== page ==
People are raised in circumstances that shape who they become. Each person has the capacity to change and rise above whatever hardships they experienced, but some choose to stay where they are. The key here is what we choose.

It’s a bit hard to wrap your head around the idea that believing in God leads to having a life with better choices and more freedom, but that’s how a good story goes. Remember how in Star Wars when Luke chooses to trust in the Force instead of the computer that was targeting the exhaust port in the Death Star? Star Wars isn’t a perfect parallel for a faith-filled life, but I do like how being a Jedi relies on having faith and being detached from consuming emotions.

What exactly is the point of this ramble? To quote the Doctor, “we are all stories in the end.” I know this post might sound crazy, but I just want to show you that this universe, this world, and each and every single person gives evidence that there is a Creator. So much work goes into creating a story. So much work gets put into creating a world and all the characters and conflicts in a work of fiction. The world that we live in is no different.

The Legacy of Pope John Paul II

Today is the first feast day of Pope St. John Paul II. Even though I was born in 1990, I still consider myself part of the JP2 Generation. It’s just that for me, I learned more about the great pope after his passing. While Leah Darrow was beginning to turn her life around as she heard the news of Pope John Paul II’s passing and Fr. Roderick was building a following for his podcast, I was lost in a California daze. As a child, I didn’t know much about the pope and took his presence for granted because at the time, my world was limited to the Central New Jersey suburbs of Monmouth County and New York City.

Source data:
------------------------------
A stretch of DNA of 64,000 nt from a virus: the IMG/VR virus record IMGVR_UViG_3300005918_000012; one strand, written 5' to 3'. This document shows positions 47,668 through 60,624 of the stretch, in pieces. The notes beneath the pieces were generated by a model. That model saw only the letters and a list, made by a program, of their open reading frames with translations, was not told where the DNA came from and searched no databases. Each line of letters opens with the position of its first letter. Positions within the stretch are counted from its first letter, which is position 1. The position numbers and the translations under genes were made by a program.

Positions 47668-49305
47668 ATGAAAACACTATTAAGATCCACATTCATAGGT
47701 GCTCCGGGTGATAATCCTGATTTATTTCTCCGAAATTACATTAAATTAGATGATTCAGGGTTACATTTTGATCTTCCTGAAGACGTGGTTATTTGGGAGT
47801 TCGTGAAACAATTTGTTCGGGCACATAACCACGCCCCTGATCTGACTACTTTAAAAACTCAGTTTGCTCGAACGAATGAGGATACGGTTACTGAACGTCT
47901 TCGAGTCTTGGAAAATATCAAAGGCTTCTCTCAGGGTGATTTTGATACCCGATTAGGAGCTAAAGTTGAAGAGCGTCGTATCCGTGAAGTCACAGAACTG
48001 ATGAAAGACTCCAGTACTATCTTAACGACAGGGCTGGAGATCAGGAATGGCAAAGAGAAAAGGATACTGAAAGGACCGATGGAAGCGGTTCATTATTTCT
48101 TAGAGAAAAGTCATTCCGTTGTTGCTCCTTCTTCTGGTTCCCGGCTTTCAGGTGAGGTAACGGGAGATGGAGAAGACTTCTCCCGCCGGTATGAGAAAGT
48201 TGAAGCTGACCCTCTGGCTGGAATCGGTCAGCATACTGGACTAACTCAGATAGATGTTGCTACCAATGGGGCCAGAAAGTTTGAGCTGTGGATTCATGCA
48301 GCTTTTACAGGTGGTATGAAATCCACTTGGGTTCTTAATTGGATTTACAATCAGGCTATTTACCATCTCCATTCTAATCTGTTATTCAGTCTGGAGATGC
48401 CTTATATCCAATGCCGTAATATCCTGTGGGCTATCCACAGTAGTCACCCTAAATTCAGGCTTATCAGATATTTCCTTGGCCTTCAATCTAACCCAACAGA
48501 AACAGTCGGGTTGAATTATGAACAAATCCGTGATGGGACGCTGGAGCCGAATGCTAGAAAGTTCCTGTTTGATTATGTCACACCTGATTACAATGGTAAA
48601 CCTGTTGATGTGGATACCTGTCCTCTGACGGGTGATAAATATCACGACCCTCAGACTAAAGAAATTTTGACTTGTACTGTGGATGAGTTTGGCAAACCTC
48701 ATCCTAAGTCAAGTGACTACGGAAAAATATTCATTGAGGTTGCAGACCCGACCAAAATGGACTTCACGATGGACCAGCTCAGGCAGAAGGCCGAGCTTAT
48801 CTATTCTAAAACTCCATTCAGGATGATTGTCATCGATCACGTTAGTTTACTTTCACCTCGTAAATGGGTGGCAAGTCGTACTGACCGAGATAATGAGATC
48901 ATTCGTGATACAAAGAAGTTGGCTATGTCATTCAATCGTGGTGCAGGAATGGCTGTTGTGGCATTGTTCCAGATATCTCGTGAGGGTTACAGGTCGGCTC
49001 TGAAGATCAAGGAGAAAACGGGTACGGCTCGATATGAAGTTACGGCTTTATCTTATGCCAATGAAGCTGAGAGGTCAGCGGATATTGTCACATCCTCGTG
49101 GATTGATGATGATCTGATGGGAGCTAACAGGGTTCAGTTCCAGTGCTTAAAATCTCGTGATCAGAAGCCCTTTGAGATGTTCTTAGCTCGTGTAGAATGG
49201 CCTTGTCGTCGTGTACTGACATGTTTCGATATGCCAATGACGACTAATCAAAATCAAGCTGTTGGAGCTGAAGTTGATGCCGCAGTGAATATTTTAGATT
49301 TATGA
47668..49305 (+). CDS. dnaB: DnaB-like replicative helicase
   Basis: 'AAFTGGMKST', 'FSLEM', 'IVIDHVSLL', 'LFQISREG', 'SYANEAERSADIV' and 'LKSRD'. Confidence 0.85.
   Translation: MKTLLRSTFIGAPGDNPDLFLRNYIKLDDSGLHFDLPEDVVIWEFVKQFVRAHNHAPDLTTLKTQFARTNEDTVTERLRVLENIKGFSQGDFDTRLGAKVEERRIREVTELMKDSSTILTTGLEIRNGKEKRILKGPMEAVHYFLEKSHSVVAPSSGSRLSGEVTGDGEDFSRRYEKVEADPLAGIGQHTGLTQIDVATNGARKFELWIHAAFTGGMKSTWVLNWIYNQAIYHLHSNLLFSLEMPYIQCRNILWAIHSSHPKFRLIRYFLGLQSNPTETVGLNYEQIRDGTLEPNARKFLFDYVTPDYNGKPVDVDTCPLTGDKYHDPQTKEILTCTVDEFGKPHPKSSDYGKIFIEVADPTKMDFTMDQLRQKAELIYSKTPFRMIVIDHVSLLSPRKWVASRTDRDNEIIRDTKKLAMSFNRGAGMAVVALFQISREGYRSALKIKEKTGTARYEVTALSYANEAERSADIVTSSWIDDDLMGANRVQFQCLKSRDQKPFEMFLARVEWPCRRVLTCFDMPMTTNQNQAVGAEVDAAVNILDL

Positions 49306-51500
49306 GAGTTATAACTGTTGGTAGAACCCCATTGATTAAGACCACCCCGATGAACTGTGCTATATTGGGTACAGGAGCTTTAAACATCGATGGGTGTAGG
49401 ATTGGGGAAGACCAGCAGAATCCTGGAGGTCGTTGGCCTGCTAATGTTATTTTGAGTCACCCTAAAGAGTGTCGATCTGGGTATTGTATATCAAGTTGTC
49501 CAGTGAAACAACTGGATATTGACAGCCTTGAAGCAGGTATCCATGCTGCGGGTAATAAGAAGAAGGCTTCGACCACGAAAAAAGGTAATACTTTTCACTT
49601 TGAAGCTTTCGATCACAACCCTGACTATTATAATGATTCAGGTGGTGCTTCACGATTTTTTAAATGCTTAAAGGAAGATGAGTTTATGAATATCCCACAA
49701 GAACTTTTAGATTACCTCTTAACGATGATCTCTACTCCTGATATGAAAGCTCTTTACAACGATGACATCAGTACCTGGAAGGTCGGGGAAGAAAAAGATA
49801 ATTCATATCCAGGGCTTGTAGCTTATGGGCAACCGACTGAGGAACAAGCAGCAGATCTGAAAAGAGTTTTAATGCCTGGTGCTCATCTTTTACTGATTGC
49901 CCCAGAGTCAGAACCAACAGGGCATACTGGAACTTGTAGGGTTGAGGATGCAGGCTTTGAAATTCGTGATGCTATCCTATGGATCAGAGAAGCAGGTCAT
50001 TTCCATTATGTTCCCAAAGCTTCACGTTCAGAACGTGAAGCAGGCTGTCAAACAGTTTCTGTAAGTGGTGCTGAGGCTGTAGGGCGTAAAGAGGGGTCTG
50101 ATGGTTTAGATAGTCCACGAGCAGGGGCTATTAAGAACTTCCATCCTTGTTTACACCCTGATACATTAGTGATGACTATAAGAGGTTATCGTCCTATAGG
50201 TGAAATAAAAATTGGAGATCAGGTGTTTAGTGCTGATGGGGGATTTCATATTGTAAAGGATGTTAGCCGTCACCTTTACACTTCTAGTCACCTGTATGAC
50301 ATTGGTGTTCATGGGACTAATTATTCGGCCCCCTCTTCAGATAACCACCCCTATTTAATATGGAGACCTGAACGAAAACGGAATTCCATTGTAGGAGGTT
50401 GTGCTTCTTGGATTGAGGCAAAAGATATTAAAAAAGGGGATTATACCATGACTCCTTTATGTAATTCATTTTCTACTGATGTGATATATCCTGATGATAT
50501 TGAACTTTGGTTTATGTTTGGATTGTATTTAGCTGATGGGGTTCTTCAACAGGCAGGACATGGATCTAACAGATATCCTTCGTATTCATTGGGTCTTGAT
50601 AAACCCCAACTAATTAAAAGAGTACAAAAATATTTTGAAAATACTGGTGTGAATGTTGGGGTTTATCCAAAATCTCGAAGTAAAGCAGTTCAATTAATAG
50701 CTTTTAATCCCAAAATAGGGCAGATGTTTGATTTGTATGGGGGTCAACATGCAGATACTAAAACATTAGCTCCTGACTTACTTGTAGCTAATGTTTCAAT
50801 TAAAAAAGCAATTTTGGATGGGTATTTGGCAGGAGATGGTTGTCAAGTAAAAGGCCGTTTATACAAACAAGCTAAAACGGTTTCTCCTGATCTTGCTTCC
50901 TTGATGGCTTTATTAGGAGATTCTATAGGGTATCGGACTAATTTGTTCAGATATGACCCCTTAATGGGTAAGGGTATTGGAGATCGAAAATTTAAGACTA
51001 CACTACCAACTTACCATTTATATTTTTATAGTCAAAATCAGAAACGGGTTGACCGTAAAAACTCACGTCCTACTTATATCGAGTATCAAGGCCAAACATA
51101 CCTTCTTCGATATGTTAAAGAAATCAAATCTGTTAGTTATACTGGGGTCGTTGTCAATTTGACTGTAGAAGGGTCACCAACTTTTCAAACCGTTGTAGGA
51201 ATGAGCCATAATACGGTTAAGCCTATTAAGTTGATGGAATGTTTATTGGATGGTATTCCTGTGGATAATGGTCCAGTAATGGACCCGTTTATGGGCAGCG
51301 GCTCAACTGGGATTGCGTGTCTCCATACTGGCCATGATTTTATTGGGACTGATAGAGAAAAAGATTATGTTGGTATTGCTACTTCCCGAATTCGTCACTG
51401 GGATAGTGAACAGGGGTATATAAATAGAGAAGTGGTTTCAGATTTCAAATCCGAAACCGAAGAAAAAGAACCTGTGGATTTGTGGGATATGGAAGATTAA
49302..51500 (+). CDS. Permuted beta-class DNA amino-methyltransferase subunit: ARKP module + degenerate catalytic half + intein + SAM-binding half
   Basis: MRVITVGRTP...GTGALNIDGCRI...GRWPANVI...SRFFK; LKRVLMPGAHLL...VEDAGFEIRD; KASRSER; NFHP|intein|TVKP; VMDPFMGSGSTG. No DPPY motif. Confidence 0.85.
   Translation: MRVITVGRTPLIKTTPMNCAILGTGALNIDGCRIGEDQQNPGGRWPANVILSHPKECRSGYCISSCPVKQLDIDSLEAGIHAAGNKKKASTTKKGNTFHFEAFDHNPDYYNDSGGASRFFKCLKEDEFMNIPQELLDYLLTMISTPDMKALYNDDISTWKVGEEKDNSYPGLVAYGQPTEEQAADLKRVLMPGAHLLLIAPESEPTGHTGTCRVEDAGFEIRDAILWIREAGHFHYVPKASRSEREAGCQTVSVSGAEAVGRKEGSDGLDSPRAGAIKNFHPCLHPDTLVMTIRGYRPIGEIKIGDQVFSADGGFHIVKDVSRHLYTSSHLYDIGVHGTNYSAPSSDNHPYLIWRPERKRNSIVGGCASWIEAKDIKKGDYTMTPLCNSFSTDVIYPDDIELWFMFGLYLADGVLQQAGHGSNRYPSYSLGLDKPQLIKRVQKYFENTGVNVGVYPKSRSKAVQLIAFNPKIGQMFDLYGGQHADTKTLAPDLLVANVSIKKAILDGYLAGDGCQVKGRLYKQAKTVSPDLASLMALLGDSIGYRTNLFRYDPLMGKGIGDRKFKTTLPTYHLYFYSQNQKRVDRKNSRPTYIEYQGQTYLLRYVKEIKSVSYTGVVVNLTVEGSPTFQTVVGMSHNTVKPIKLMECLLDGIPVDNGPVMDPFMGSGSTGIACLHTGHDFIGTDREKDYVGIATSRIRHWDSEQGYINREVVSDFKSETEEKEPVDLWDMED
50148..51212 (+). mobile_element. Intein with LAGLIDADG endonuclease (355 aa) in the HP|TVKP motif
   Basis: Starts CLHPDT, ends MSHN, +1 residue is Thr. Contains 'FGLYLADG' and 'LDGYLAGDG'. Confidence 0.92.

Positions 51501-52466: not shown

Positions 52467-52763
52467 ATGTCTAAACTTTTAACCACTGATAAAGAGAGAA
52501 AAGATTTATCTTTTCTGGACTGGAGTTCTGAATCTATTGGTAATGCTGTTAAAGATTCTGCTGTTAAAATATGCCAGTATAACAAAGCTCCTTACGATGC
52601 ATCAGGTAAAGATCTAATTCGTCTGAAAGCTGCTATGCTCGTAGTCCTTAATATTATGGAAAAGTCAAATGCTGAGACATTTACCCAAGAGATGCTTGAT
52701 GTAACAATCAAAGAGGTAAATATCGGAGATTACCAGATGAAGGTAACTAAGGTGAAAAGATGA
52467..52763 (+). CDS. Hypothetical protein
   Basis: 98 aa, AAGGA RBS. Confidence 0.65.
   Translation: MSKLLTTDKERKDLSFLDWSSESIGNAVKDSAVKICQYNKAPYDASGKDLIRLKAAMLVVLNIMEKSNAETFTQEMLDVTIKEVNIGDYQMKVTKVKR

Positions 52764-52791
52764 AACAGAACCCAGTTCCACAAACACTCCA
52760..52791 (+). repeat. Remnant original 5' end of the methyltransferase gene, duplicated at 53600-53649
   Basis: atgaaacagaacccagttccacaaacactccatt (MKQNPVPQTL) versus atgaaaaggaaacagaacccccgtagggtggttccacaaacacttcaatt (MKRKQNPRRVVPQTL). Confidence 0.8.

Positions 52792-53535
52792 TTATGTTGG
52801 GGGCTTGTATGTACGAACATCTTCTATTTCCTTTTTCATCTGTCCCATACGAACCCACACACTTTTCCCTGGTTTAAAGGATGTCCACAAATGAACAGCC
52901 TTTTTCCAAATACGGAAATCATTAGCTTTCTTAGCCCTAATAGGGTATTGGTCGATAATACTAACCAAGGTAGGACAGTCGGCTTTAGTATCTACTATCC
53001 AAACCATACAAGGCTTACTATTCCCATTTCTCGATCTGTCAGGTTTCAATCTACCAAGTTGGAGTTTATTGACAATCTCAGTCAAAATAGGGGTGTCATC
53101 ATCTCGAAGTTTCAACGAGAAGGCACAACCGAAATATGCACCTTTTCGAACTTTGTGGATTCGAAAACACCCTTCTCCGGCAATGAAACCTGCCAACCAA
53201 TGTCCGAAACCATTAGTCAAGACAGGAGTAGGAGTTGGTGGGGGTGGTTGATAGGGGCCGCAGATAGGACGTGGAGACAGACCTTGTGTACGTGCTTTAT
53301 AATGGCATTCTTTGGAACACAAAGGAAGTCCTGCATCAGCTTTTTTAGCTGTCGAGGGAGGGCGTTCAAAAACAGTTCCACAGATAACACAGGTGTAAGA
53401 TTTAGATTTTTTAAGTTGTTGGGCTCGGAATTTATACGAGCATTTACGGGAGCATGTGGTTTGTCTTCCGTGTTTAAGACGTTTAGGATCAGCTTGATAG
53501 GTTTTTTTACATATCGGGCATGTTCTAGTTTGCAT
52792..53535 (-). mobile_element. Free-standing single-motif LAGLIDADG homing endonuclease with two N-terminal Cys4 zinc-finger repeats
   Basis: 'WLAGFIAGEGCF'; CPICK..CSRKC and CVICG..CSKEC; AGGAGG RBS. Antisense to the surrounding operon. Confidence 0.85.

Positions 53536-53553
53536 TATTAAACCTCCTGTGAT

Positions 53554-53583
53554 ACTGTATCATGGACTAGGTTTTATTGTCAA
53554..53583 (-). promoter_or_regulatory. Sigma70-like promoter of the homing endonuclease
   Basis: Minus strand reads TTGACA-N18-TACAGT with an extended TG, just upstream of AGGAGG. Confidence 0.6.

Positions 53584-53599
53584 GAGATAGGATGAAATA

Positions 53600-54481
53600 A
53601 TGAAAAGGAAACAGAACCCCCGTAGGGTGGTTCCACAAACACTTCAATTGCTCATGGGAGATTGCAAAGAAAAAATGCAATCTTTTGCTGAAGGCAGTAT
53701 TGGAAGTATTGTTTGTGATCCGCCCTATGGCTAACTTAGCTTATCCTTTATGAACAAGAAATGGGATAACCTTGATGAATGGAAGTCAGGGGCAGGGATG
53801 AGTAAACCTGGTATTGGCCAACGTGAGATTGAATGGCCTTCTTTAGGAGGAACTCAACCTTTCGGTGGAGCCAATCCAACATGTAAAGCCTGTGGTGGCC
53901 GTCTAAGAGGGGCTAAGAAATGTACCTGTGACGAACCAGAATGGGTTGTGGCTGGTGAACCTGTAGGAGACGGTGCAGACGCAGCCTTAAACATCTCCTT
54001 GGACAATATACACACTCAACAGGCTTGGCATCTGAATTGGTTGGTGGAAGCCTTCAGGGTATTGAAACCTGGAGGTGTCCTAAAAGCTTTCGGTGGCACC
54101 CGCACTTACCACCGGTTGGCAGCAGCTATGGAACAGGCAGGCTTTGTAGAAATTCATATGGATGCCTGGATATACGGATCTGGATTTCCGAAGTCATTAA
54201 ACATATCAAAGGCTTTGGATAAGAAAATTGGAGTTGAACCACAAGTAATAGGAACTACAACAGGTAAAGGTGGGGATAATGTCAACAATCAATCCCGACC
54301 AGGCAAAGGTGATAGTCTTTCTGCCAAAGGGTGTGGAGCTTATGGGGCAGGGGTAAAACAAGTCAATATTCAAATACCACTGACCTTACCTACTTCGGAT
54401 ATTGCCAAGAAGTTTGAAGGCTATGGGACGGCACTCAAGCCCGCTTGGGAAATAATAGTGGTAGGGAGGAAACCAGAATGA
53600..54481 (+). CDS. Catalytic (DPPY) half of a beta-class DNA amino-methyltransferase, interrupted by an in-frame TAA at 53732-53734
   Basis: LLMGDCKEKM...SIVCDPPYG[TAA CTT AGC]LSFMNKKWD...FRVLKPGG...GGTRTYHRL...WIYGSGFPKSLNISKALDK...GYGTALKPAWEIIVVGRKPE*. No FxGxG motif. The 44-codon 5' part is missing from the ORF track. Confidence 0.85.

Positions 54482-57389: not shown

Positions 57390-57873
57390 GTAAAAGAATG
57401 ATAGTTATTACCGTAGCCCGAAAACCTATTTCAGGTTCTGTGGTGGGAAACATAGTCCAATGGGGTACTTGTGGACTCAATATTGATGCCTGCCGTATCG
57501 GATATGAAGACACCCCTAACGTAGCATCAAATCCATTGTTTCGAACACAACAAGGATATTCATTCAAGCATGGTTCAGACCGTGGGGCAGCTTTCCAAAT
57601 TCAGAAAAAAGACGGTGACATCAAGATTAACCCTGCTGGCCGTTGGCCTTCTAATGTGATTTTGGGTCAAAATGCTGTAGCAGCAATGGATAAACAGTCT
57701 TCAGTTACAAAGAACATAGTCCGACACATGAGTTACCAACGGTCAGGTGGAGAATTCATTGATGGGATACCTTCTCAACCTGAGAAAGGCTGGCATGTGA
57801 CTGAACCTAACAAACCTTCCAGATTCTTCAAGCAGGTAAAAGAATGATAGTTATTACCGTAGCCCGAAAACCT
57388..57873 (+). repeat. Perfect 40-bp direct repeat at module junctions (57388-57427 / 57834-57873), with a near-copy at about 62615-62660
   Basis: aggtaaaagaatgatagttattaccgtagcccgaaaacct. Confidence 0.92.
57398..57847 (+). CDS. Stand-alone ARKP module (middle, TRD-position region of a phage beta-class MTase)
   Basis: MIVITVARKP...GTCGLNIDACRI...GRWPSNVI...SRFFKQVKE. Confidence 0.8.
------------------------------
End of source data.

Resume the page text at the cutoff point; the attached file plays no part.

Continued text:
It wasn’t until I started college that I learned more about Pope John Paul II. I watched a performance of his beautiful play The Jeweler’s Shop, read some of his encyclicals and letters, and learned about his life. His road to sainthood was a frequent topic of conversation amongst my friends. I often found myself wishing that I could have some kind of time machine so that I could’ve seen the pope in his prime.

But it turned out that even after his death, Pope John Paul II would make a personal impact on my life. One of the beautiful things about Catholicism is that the ones we love never really leave us when they die. When it comes to the holy men and women of the Church, there’s an assurance that their souls are in heaven.

When it came time for Pope John Paul II’s canonization, I was back in California. This time I was just visiting my cousin for her 18th birthday party, which took place the same day as the canonization. Once the party was over, I went to my hotel room and watched a livestream of the canonization via YouTube. Some of my friends were quick to point out how they used Pope John Paul II’s cross in the procession while I was excited at the sight of Pope Emeritus Benedict.

Although I eventually fell asleep (time difference between California and Vatican City), I felt the presence of Pope John Paul II as I watched the livestream. I realize now that the legacy of Pope John Paul II was there and it’s best seen by what he left behind: a generation of people who were inspired by him, countless priests and bishops who strive to follow his example, and 2 popes who continue to bring the world together.

As for me, I hope that I continue to learn more about Pope John Paul II and join the others who are carrying his legacy for the next generation.